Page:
The disability insurance law practice of the Law Office of Justin Frankel represents surgeons in all specialty areas, including Neurosurgeons and surgeons in these and many other specialty areas: Orthopedic, Cardiovascular, Thoracic, Pediatric, Craniofacial, Dermatologic, Vascular and Head and Neck, to name a few. Being a surgeon is a demanding occupation and the pressure is both physical and mental. Over time, this can lead to disabling conditions, including chronic pain conditions and degenerative orthopedic injuries. There is an emotional toll that occurs as well, as the surgeon’s daily tasks include making life and death decisions, often in a short window of time. It is not easy to be a surgeon.
Disability insurance companies have always targeted surgeons, selling individual, association and group policy policies to doctors at various stages of their careers. The reason for disability insurance makes sense to the surgeon, who seeks to protect their income. But when the surgeon needs to make a claim for disability insurance benefits, the unexpected response to their request is usually a surprise.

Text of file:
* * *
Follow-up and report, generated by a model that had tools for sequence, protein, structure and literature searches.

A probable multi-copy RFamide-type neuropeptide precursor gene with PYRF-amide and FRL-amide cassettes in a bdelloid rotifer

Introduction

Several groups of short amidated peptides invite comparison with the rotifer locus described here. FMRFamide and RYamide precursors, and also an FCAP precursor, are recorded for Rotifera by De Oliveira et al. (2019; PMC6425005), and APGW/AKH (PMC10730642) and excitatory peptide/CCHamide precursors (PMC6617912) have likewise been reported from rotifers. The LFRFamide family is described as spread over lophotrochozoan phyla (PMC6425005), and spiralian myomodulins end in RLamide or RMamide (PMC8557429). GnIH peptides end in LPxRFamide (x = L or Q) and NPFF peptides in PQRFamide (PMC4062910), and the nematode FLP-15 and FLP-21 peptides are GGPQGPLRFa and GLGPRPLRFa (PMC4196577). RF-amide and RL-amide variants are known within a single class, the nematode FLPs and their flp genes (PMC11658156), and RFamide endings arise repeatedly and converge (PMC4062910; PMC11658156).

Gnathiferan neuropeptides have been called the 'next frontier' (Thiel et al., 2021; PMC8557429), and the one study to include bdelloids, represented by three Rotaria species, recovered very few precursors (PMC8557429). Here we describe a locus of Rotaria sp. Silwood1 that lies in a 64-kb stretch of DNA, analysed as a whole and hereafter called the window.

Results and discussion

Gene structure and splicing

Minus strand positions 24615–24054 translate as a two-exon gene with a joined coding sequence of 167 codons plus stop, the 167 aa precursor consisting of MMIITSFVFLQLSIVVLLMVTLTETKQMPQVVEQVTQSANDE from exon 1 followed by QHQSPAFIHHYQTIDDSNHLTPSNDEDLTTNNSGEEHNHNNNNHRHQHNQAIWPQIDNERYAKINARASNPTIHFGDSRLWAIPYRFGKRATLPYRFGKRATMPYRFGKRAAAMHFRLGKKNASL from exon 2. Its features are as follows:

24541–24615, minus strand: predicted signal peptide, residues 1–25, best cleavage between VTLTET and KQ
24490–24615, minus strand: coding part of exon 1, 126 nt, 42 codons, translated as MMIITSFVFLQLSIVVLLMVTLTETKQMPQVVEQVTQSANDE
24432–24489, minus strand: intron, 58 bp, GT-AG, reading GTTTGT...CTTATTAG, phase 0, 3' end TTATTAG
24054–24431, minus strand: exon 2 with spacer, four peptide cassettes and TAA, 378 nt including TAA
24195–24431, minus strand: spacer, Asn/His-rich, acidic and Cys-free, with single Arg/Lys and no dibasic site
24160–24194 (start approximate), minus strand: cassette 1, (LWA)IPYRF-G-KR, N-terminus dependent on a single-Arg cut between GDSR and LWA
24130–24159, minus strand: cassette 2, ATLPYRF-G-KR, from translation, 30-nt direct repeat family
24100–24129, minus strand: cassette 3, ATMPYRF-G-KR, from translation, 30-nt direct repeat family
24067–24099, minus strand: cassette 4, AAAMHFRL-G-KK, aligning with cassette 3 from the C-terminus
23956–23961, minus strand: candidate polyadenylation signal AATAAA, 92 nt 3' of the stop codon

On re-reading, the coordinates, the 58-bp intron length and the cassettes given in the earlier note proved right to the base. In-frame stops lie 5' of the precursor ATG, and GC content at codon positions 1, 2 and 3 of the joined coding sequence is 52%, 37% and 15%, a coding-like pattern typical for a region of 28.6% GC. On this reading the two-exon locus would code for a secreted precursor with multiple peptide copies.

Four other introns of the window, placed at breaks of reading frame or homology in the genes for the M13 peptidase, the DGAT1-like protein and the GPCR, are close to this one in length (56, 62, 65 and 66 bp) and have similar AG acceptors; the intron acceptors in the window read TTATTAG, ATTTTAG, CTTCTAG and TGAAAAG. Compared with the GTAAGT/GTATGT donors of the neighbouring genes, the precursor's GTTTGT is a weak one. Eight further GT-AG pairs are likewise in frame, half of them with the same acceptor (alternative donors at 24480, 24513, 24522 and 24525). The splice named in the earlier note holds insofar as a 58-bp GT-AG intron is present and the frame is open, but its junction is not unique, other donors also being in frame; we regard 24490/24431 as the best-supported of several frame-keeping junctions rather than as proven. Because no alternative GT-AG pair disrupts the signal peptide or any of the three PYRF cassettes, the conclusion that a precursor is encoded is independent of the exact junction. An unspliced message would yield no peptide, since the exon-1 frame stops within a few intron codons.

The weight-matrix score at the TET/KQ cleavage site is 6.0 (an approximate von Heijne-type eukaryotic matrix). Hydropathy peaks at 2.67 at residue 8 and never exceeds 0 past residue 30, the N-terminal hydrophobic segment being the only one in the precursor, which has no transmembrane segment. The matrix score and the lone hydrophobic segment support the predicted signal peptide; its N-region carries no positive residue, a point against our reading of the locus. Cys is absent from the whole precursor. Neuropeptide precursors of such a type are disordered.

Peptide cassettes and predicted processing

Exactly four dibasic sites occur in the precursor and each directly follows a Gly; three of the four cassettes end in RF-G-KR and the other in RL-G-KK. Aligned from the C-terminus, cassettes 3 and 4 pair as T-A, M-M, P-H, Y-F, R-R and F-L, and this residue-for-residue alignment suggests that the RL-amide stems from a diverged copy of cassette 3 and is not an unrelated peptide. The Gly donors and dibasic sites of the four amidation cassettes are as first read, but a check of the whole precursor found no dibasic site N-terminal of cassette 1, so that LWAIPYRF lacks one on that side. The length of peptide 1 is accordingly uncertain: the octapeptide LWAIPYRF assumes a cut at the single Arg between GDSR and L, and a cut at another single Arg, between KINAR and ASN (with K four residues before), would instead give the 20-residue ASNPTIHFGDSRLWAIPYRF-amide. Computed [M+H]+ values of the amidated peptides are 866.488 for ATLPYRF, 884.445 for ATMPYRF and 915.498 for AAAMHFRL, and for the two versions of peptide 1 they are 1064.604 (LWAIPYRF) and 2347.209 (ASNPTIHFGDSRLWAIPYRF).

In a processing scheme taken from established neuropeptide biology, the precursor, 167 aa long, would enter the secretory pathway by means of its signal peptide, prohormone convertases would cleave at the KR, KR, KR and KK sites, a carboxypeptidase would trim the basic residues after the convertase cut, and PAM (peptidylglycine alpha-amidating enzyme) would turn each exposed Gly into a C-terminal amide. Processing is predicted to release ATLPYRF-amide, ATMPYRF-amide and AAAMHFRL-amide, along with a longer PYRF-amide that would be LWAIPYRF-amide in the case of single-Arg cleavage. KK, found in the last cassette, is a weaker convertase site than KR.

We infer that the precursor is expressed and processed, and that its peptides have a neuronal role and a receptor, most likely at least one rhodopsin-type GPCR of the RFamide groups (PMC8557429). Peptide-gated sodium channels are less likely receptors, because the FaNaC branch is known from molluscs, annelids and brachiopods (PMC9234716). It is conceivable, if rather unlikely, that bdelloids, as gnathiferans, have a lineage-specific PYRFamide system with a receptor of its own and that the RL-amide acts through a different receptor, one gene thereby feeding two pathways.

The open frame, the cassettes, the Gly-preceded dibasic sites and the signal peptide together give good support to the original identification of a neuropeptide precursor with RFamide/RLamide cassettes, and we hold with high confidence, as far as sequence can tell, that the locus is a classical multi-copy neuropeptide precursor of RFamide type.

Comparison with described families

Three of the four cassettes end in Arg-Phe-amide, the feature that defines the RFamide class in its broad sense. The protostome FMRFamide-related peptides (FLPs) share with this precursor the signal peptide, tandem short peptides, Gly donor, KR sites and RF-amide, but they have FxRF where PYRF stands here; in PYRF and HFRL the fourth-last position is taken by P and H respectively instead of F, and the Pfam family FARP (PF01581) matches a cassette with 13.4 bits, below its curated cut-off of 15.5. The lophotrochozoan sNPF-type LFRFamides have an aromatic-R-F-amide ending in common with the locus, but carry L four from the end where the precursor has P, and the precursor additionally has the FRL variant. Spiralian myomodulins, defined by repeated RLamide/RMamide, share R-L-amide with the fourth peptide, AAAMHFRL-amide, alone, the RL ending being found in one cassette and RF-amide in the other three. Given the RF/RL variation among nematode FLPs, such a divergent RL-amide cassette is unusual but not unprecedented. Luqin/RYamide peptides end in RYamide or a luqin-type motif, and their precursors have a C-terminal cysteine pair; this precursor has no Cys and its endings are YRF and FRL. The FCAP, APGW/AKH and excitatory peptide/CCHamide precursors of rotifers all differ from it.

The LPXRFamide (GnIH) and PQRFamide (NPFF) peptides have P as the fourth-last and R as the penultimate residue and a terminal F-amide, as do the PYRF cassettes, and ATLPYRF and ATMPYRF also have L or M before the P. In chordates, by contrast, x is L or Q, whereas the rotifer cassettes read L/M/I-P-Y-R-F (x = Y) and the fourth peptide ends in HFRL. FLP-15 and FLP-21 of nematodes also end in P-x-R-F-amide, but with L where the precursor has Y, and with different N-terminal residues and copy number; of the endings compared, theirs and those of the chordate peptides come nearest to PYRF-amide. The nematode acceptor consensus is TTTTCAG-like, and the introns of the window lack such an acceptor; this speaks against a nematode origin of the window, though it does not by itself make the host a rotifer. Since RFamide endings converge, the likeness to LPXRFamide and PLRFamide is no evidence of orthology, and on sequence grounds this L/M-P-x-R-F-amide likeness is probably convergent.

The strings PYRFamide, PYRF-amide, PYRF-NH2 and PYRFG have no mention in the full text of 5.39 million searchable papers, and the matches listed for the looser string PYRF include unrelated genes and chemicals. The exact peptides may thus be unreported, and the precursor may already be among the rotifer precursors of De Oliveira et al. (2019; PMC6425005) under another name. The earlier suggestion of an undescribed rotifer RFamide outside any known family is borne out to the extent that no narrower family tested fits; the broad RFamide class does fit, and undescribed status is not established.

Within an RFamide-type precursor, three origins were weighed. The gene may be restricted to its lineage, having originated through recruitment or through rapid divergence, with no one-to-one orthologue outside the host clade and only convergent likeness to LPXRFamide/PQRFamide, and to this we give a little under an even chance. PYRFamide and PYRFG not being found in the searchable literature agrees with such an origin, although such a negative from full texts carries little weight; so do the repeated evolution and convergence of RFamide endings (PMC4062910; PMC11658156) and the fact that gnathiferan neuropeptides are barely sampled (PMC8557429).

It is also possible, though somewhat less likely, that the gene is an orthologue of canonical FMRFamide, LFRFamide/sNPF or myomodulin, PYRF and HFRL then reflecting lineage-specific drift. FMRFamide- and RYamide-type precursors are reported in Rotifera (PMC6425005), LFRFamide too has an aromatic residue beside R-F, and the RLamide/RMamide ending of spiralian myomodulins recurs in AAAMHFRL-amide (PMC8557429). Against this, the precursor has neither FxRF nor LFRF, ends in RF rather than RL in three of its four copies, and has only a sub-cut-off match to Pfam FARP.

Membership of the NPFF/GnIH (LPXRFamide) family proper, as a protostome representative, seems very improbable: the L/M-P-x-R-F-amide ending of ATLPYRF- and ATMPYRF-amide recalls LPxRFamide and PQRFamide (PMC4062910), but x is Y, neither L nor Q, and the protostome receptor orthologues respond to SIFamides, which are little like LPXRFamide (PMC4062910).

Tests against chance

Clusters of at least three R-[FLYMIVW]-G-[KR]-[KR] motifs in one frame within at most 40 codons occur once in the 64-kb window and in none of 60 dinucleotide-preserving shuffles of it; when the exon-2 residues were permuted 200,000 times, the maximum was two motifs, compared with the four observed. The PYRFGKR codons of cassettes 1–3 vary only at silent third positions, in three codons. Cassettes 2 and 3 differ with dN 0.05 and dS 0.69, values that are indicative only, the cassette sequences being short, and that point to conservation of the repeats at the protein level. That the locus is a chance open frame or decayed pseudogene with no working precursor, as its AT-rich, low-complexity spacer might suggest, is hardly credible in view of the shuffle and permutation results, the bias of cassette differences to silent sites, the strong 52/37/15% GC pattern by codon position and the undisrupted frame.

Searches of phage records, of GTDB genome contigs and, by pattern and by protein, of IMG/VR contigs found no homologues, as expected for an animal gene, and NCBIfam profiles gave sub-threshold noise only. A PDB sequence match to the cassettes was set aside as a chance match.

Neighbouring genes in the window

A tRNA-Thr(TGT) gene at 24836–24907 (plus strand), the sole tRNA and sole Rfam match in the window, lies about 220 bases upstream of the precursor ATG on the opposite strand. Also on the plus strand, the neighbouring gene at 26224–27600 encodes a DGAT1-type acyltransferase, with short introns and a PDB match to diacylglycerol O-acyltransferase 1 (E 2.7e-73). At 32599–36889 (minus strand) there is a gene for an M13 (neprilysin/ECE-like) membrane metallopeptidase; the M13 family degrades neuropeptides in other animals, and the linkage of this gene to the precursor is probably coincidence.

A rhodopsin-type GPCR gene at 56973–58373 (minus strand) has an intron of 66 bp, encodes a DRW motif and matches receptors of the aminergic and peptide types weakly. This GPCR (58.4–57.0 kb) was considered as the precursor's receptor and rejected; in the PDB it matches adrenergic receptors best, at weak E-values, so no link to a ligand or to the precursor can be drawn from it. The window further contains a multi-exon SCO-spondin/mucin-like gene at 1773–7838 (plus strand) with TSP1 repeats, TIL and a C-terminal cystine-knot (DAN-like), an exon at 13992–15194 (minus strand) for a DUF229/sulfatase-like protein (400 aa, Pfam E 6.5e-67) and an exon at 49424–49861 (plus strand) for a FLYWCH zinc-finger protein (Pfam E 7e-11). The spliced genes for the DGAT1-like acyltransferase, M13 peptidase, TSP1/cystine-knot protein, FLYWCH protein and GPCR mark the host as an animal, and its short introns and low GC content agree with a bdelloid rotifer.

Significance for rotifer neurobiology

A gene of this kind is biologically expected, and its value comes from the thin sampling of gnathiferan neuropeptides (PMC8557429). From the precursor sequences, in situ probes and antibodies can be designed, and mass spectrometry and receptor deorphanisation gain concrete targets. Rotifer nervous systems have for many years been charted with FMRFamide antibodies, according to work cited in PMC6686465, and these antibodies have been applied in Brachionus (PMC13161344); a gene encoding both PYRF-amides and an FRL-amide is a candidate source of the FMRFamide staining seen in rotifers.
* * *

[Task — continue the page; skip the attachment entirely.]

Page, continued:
There are a number of issues the surgeon needs to be aware of when pursuing a long-term disability insurance claim: Large Monthly Benefit = Red Flag. Insurance adjusters seek to minimize financial exposure, so the larger the claim, or the longer the time period that it might be paid, the bigger the red flag. For an individual earning in excess of $500,000, the cost to the insurance company over time will be significant. There is no downside for the insurance company to delay or deny the claim, so there is no incentive to move the process along. Any high income earner can expect push back – – especially surgeons. Own Occupation Specialty-Specific Disability Insurance vs. Any Occupation. Here is where your insurance broker earns her keep. A surgeon needs to have their own occupation, specialty-specific disability insurance. This means that the insurance policy is insuring not only your occupation as a surgeon but your occupation as a surgeon in your specialty. If you are a neurosurgeon with a hand injury, you won’t be able to perform complex and delicate surgery. But if your long-term disability insurance policy does not include the specialty-specific provision, you could be told that even if you can’t do neurosurgery, you can perform general surgery and therefore are not fully disabled. We would advise any surgeon reading this page to locate their long-term disability insurance policy and read the provisions regarding own/any occupation. If you have questions, please feel free to call our office to discuss your policy. It’s better to understand what is covered and what is not before you need to file a claim. We can be reached at 888-583-4959.